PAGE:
Increasing networks for LGBTI entrepreneurs across the country

It is important to highlight that holding an online training allowed us to reach participants from all 5 regions of the country, including those living in remote and conservative locations, where there were no support networks or projects geared towards LGBTI people. Another very positive result of the training was the establishment of personal and professional networks among participants. There was strong interaction among them on social media, creating powerful resources for the dissemination of their work, knowledge exchange and mutual support. This result was also observed in previous trainings, but the geographic and sociocultural diversity in this training enabled participants to make friends and professional partnerships from different regions and experiences who would never have connected in other circumstances. This could be seen as one of the greatest achievements of the 8th training.

For most participants, our training meant more than an upskilling opportunity, but a chance to change the course of their lives, improve their mental health and become more empowered. Such positive impacts were particularly significant considering the alarming number of participants who were hopeless, depressed and lacked social protection networks prior to the training.

“Every time we started a class and I heard your voices my mood would change. I felt welcomed, special. During the week I had Covid I was really weak, vulnerable and very scared. I didn’t sleep well for days and I know it’s not cool, but during class I turned off the camera and felt such a peace… Listening to you all soothed me and made me realise I was still standing strong, even though I felt scared. The other students and staff were a real healing.” (Andressa Santalucia)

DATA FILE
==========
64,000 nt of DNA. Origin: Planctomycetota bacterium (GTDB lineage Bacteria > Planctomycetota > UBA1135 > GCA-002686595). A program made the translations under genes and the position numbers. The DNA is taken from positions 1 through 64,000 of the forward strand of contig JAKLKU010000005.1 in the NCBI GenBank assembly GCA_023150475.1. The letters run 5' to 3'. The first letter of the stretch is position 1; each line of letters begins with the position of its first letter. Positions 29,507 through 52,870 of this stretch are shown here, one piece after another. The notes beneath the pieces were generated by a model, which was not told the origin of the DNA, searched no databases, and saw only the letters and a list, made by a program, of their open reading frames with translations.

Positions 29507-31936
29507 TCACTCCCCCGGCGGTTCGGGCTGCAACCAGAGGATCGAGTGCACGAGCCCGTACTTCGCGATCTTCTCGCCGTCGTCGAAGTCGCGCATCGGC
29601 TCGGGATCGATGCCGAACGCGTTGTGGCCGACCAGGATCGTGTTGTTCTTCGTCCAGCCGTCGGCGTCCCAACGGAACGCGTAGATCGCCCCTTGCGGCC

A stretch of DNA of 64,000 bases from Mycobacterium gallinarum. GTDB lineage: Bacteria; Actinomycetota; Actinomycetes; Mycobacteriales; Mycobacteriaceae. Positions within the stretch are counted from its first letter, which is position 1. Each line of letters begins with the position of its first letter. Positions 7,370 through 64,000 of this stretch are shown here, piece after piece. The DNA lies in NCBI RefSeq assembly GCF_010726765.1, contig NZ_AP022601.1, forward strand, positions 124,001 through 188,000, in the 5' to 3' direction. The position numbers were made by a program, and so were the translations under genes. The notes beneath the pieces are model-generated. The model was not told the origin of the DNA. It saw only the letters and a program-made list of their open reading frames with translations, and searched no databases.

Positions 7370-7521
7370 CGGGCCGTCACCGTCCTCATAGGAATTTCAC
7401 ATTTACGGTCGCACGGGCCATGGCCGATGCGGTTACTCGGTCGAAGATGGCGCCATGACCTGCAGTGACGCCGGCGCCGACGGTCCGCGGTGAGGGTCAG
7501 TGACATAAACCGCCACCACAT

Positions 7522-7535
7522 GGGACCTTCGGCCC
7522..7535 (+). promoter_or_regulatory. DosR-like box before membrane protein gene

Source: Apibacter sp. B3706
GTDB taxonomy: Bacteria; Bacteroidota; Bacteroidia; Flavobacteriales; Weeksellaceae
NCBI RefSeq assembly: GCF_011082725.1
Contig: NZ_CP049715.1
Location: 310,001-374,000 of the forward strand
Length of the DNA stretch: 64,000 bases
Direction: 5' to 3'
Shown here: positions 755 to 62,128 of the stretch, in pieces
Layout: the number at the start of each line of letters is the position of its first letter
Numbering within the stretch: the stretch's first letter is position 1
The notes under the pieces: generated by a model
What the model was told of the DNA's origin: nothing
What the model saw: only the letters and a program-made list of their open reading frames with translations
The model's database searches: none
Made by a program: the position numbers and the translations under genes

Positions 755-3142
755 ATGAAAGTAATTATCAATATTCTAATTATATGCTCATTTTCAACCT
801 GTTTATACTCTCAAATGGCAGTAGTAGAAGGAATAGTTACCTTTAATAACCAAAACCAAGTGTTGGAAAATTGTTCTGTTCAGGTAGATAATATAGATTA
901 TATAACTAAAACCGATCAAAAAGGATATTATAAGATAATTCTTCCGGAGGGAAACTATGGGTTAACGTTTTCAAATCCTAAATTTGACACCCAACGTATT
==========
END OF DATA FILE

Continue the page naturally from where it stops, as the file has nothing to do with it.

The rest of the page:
“I want to express my eternal gratitude to the entire Micro Rainbow team for your affection and care, for the amazing classes… as I often said during the training, you are my antidepressant…my prescription drug. Thank you for everything, you have changed our lives! I have been rethinking everything in my professional life thanks to you guys.” (Fernando Mafiolette Marçal)

“I want to thank everyone on the Micro Rainbow team. The training came at a very special moment for me, a moment of transformation…. It was surreal to be able to participate in the classes and plan a future at such a dark time for humanity, especially in our country. Each class was like disconnecting from everything and finding new strength.” (Edilene Junger)

“I certainly see everything with more maturity and realism. Before the training, I had to research on my own how to calculate and manage my business. Nowadays, after everything I learnt from you, I believe in my business, in the person I am and in the potential of the knowledge that we shared in the classes. I can better determine what I need to have in stock, what to do with my income, how to deal with my employees and mainly, I know my business, I didn’t give up and that motivated me to continue.” (anonymous)

Achieving such results in a time when the country is going through its worst economic depression in decades and facing a terrible mismanagement of the pandemic can be seen as an accomplishment for the LGBTI community in Brazil. It also shows how powerful our work can be in terms of giving hope to low-income LGBTI entrepreneurs.